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Check if there is a RDP session to a remote machine RRS feed

  • Question

  • Is there a way within .NET (C#) to check for a remote machine if there is a RDP connection open?

    As an example there is an Setup like this:
    Machine A target of the RDP session.
    Machine B source of the RDP session.
    Machine C - running a NET application and is seeing if/that Machine A has an active RDP session.

    Is there a easy way to check that?
    What would this check look like?


    • Edited by HeeTom Friday, May 3, 2013 11:04 AM
    Thursday, May 2, 2013 4:14 PM

All replies

  • Check the task manager processes.  You also may see the TCP conection if you type in a cmd.exe "netstat -a"

    jdweng

    Thursday, May 2, 2013 4:58 PM
  • Check the task manager processes.  You also may see the TCP conection if you type in a cmd.exe "netstat -a"

    Hmmm ...
    But how do I see this from the remote Position ... ?

    The Application is running on Machine C and on C is no RDP.
    But it should detect a RDP session on machine A (another, remote Machine).

    The mentioned methods will work locally I guess, but remote?


    • Edited by HeeTom Friday, May 3, 2013 12:25 PM
    Friday, May 3, 2013 11:06 AM
  • There's Windows Terminal Service API. But you need to have trust relationship between C and A or WTSOpenServer would fail with error "access denied". I am not aware of adding this to the .Net framework - its downloading size is one of the things people complain about. You can pull the method signature with some samples off pinvoke.net.


    Visual C++ MVP

    Sunday, May 5, 2013 5:00 AM
  • For remote computer resource/information management, you can always take a look the WMI programming model. And it seems Remote Desktop Services also expose WMI provider for querying related information.

    #Obtaining Data from a Remote Computer
    http://msdn.microsoft.com/en-us/library/windows/desktop/aa384423(v=vs.85).aspx

    #Remote Desktop Services WMI provider
    http://msdn.microsoft.com/en-us/library/windows/desktop/aa383511(v=vs.85).aspx

    Besides the script based programming model, we can also perform WMI query in .NET via System.Management namespace classes. And there is also a code creator which simplifies some WMI code generation.

    #Getting Started Accessing WMI Data 
    http://msdn.microsoft.com/en-us/library/ms186120(v=vs.80).aspx

    #WMI Code Creator v1.0
    http://www.microsoft.com/en-us/download/details.aspx?id=8572


    Please remember to mark the replies as answers if they help and unmark them if they provide no help.

    Monday, May 6, 2013 5:36 AM
    Moderator
  • Ok, I'll have to look through the articles to see if I can do what I want to ...

    But:

    But you need to have trust relationship between C and A

    Is this really a requirement?
    There are a lot situations where C and A are in not trusted Domains (or no domains at all).
    There should be a alternative to authenticate.

    Monday, May 6, 2013 1:58 PM
  • the server can't just give the information away to the public. That would be information disclosure vulnerability. you have to be able to authenticate to the server remotely through windows authentication. If you can't, write a server to relay the information you want and install on a machine that can authenticate to the server.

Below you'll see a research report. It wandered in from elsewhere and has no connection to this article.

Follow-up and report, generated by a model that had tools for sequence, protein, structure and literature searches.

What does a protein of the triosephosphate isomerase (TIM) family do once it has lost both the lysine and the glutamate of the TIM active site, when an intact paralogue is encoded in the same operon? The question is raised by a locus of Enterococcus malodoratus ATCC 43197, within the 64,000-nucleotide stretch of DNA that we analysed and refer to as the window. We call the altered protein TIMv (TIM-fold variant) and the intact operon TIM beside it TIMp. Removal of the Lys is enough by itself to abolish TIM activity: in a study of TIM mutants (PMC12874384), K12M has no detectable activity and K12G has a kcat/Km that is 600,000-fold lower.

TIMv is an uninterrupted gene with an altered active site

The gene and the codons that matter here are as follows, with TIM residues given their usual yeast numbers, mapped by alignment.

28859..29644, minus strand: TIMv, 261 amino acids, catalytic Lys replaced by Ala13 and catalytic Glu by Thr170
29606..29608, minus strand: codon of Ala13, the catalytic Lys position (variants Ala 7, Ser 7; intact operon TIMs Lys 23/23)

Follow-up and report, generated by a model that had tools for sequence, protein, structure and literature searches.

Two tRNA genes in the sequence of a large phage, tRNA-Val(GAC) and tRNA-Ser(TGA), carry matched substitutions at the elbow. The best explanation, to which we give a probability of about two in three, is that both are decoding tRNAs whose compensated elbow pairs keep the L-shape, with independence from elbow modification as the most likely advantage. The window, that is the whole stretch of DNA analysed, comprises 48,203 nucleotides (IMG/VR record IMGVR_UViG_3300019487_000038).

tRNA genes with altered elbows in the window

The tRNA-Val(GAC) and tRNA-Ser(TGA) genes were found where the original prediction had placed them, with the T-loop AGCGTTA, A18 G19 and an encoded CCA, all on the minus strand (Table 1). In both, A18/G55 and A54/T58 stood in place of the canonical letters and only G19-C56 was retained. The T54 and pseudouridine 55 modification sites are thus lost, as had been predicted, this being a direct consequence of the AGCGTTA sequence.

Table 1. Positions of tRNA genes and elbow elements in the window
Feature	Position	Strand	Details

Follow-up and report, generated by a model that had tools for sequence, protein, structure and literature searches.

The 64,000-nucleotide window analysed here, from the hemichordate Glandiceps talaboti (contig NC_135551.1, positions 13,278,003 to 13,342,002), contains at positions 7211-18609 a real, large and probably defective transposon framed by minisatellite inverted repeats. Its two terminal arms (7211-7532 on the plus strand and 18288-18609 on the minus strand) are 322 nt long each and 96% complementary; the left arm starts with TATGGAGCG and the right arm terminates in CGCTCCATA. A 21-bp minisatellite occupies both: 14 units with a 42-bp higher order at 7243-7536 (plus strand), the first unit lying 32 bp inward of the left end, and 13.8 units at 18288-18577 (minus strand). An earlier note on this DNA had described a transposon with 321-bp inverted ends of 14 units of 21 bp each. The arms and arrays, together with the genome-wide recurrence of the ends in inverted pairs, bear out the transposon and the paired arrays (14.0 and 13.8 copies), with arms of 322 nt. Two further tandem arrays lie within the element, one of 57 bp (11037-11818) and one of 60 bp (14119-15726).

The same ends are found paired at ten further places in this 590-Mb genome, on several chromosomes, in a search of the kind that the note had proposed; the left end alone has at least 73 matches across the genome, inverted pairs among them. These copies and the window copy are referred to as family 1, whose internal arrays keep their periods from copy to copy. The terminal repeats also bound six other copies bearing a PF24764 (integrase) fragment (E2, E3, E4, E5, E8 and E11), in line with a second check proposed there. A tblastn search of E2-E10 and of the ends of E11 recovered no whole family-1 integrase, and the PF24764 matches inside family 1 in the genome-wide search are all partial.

Visual C++ MVP

    Monday, May 6, 2013 3:06 PM
  • the server can't just give the information away to the public. That would be information disclosure vulnerability. you have to be able to authenticate to the server remotely through windows authentication. If you can't, write a server to relay the information you want and install on a machine that can authenticate to the server.

    The Machine should not give information to the public, but to request which authenticate directly at A.
    Eg.: Machine A has a local (or domain) user 'UserA' with password 'PasswdA'.
    Machine C (other local/domain user) sends a request with attached credentials 'UserA' & 'PasswdA' to authenticate on Machine A.
    This is what I'm thinking about. There is no "public". Just no domain trust/some domain ...

    Monday, May 6, 2013 4:51 PM
  • You are talking about Windows Authentication via some other protocol. There is no such support in WTS APIs. If you want to access WTS APIs via some other protocol, you have to have WTS-facing code running somewhere that can authenticate to the server directly. There is no credential you can provide to WTSOpenServer - it only takes a server address.


    Visual C++ MVP

    Monday, May 6, 2013 6:25 PM
  • Other than what Sheng Jiang and HeeTom suggested, I'd like to suggest some other routes.

    If Machine C stands in the network pathway between Machine A and B (i.e.: Machine C is running ISA or other firewall type application to manage network traffic), you can query the information from the firewall itself (I think ISA has SDK avaliable with full example... for C++ users, that means you will need some P/Invoke skill to use it

    Certain mid-high range switches also support generating SNMP report regarding current network activities. So if your coperate network all pass though the switch(es) (without hubs in between which will shortcut the route), writing a SNMP parser could be enough. (I think Cisco has released an auditing tool that logs all network activity and perform analysis, so it's quite possible)

    These will work without trust relationship to machine A or B.



    Tuesday, May 7, 2013 2:53 AM
    Answerer